Parent Tips on Bullying
Tips for Parents on Bullying
- Really listen to your child about bullying and let her tell her story.
- Use good listening skills. Pay attention and don’t be distracted.
- React to the story in a way that encourages trust. Try to believe your child.
- Tell the child it’s not her fault and that she doesn’t deserve to be bullied.
- Be patient if your child isn’t ready to open up right away.
- Teach your child about bullying at a level she can understand.
- Discuss options with your child for dealing with bullying behavior (SWAT).
- Report bullying behavior to the Safe Schools Alert System, a trusted adult, building administrator or staff member.
- If you make a report gather details, names, locations, times, dates, behaviors.
- Model respectful behavior in front of your children.
- Reinforce your family’s rules and be consistent.
- Teach children the difference between tattling and telling an adult when someone is in trouble.
- Check in daily with your child after school.
- Tell your children specifically what bullying looks like and what to do if they see it or experience it.
- Establish technology house rules with your children.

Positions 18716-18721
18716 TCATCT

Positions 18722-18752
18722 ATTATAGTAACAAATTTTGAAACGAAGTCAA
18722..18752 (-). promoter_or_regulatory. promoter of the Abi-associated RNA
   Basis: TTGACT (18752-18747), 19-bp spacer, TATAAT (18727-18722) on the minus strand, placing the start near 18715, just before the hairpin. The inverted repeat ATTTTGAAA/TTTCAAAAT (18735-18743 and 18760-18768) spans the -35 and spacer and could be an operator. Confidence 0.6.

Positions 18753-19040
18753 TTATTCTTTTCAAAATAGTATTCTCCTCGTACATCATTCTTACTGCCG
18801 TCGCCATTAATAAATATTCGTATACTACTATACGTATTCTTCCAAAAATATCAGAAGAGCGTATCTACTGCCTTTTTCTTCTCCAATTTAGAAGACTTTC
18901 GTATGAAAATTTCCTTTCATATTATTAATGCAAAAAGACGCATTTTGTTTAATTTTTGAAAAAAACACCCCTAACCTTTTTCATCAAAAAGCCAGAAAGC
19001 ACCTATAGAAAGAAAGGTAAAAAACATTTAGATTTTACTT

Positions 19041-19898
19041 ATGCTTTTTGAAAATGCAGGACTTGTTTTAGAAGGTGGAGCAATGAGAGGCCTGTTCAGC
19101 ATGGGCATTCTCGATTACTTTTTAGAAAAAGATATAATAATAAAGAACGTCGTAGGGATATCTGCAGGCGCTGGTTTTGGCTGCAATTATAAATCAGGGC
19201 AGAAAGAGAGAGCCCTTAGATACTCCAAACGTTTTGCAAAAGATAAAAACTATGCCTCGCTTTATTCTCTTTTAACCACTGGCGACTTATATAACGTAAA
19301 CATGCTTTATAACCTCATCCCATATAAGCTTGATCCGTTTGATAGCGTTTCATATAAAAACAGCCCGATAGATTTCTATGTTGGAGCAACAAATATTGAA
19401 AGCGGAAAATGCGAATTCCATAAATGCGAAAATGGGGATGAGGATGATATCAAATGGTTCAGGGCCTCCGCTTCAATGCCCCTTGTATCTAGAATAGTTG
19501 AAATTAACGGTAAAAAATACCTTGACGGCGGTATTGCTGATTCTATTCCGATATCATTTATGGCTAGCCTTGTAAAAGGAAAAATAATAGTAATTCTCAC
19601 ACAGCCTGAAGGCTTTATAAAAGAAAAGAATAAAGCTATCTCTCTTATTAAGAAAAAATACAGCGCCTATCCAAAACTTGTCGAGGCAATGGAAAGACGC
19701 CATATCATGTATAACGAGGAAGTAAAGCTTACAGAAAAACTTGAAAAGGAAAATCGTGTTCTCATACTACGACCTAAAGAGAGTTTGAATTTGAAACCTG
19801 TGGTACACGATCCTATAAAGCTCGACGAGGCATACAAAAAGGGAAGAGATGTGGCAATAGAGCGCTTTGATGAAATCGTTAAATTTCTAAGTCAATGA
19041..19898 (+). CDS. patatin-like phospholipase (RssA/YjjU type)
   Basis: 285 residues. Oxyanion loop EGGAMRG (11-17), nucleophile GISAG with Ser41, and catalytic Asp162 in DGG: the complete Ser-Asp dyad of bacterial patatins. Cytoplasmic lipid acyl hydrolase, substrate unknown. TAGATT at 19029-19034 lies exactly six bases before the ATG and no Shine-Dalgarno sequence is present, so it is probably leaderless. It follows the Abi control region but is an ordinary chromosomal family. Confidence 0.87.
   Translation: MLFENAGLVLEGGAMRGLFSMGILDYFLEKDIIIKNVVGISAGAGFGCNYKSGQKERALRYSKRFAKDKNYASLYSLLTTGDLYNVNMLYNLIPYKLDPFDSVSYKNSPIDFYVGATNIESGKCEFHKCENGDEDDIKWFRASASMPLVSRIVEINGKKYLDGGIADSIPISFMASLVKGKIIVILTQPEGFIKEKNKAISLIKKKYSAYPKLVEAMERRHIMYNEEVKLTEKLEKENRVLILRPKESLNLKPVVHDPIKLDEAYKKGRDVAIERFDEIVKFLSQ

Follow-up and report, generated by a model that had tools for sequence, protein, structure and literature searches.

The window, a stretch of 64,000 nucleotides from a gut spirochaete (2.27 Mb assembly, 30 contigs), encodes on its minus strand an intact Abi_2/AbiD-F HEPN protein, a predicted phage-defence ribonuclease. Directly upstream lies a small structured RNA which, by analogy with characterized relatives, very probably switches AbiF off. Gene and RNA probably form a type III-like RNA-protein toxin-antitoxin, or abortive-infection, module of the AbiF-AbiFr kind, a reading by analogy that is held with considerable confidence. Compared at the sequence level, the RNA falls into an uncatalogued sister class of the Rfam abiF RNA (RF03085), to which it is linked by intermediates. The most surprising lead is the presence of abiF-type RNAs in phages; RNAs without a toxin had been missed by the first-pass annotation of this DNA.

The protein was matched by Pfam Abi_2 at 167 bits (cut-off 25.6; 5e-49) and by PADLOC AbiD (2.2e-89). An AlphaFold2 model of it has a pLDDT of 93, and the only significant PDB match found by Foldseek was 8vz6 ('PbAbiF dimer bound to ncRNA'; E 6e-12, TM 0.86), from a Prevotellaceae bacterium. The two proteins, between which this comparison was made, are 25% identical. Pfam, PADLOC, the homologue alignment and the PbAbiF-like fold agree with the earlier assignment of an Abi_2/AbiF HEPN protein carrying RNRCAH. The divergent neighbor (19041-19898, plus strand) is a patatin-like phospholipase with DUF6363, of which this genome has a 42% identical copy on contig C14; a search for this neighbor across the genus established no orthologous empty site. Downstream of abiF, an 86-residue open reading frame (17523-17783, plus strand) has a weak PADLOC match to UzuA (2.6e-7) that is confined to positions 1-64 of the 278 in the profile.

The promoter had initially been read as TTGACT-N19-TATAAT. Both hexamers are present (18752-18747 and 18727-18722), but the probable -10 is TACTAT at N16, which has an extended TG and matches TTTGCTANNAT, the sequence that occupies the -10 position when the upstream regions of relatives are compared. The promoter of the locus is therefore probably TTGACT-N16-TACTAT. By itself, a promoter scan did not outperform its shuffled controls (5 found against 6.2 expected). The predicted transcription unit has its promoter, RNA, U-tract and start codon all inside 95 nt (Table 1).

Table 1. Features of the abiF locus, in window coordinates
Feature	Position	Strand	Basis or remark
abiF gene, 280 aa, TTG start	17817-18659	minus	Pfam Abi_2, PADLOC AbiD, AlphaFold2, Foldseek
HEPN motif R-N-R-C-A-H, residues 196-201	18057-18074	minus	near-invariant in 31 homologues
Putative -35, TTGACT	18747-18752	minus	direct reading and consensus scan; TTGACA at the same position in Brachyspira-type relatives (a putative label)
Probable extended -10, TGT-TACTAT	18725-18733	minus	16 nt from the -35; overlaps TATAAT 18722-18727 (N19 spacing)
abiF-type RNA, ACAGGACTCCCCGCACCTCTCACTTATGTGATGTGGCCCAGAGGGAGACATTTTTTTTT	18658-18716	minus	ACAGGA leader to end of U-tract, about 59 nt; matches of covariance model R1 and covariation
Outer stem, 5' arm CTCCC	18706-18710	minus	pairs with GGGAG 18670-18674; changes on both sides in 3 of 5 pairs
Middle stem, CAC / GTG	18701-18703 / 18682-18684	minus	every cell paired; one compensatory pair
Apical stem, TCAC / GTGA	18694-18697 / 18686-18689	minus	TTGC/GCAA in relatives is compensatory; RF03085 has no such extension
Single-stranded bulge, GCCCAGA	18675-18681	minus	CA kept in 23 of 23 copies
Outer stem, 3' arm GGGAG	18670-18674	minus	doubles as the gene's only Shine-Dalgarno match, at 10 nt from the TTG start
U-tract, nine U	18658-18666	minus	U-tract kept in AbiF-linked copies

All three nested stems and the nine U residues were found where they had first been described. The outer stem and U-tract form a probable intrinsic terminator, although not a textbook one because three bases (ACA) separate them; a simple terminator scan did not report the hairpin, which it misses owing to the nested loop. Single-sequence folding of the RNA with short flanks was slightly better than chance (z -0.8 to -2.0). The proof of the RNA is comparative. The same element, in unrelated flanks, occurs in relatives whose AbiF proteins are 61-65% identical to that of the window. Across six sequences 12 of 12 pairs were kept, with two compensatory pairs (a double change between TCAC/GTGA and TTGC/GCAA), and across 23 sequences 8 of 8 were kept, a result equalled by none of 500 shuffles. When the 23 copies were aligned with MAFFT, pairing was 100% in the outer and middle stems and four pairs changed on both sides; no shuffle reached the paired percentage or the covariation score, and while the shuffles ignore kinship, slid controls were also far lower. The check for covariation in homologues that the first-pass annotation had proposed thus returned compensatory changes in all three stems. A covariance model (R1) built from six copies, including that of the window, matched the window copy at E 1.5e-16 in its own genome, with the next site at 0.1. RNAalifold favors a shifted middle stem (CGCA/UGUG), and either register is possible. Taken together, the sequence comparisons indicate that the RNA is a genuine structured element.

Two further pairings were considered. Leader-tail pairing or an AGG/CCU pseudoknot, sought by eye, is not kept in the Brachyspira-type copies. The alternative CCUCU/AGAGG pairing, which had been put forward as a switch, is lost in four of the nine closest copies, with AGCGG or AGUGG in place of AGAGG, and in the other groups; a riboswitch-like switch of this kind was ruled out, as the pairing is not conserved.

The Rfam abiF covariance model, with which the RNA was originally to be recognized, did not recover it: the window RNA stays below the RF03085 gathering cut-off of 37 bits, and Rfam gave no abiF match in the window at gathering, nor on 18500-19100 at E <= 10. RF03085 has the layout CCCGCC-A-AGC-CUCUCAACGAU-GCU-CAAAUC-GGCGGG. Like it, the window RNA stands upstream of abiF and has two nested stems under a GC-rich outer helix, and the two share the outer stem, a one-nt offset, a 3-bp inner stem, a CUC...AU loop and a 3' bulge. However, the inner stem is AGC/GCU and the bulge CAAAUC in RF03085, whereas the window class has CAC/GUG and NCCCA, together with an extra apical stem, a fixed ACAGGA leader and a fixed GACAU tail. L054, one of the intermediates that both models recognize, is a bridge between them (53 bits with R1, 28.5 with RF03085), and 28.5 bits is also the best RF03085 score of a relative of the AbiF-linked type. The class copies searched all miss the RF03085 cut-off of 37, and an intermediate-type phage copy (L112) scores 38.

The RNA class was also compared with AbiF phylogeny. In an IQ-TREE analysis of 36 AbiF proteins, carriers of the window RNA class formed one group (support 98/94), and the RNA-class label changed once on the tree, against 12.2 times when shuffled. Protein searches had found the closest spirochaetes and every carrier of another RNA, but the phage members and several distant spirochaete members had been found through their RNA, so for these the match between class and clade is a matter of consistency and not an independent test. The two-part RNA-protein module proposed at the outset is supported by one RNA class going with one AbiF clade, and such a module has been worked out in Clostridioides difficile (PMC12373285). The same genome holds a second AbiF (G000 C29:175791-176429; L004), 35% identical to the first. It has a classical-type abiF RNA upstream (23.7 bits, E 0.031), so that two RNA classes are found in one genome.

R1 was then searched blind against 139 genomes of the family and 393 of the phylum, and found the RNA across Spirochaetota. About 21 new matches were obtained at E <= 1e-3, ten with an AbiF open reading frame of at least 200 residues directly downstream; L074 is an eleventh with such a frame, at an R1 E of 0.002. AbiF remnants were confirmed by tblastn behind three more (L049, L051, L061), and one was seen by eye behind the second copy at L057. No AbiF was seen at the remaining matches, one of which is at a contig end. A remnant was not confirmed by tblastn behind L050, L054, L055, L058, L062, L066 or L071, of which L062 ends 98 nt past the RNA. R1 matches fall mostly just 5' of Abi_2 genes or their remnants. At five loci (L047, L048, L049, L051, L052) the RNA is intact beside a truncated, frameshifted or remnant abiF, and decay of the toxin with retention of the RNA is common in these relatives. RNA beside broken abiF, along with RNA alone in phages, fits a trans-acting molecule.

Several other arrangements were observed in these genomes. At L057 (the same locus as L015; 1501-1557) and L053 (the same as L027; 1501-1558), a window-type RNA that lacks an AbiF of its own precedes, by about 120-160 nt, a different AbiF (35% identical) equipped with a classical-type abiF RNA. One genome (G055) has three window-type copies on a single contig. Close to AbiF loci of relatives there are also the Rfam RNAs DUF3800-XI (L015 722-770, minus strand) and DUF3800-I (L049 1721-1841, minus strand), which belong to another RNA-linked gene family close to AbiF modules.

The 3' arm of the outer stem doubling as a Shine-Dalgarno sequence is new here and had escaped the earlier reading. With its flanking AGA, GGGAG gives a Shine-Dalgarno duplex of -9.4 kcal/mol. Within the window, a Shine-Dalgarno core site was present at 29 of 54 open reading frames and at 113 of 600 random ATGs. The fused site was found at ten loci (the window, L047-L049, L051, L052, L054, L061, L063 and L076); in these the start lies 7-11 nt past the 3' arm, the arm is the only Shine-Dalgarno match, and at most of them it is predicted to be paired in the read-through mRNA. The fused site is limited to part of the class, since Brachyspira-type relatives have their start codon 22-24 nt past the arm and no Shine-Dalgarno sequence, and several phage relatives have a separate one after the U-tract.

- Check what sites your children visit and who they talk to on line.
- Talk to children about what is safe to post on line and how to protect passwords.
- Tell children not to respond to bullying messages on line, but not to delete them in case a report needs to be made.
- Ask your child specific, open-ended questions to gather information about bullying such as: did the child hurt you on purpose? Was it done more than once? How do you feel about the behavior? Is the other child bigger than you? Are kids making fun of you?
What NOT to do!
- Don’t talk to the child who is bullied and the child who bullied at the same time, as this could case more trauma or fear of reprisals. Children make also be less truthful or blame themselves.
- Don’t require the child who is bullied to tell the child who bullied him how it made him feel. This could reinforce negative behavior.
- Don’t assume the child who bullied has low self-esteem. This is a big misconception among adults.
- Don’t assume bullying is just part of growing up.
- Don’t use labels like bully or victim. It can imply the behavior is a permanent condition and prevent children from asserting themselves. It also implies the behavior is one person’s fault, when a variety of factors are likely at play.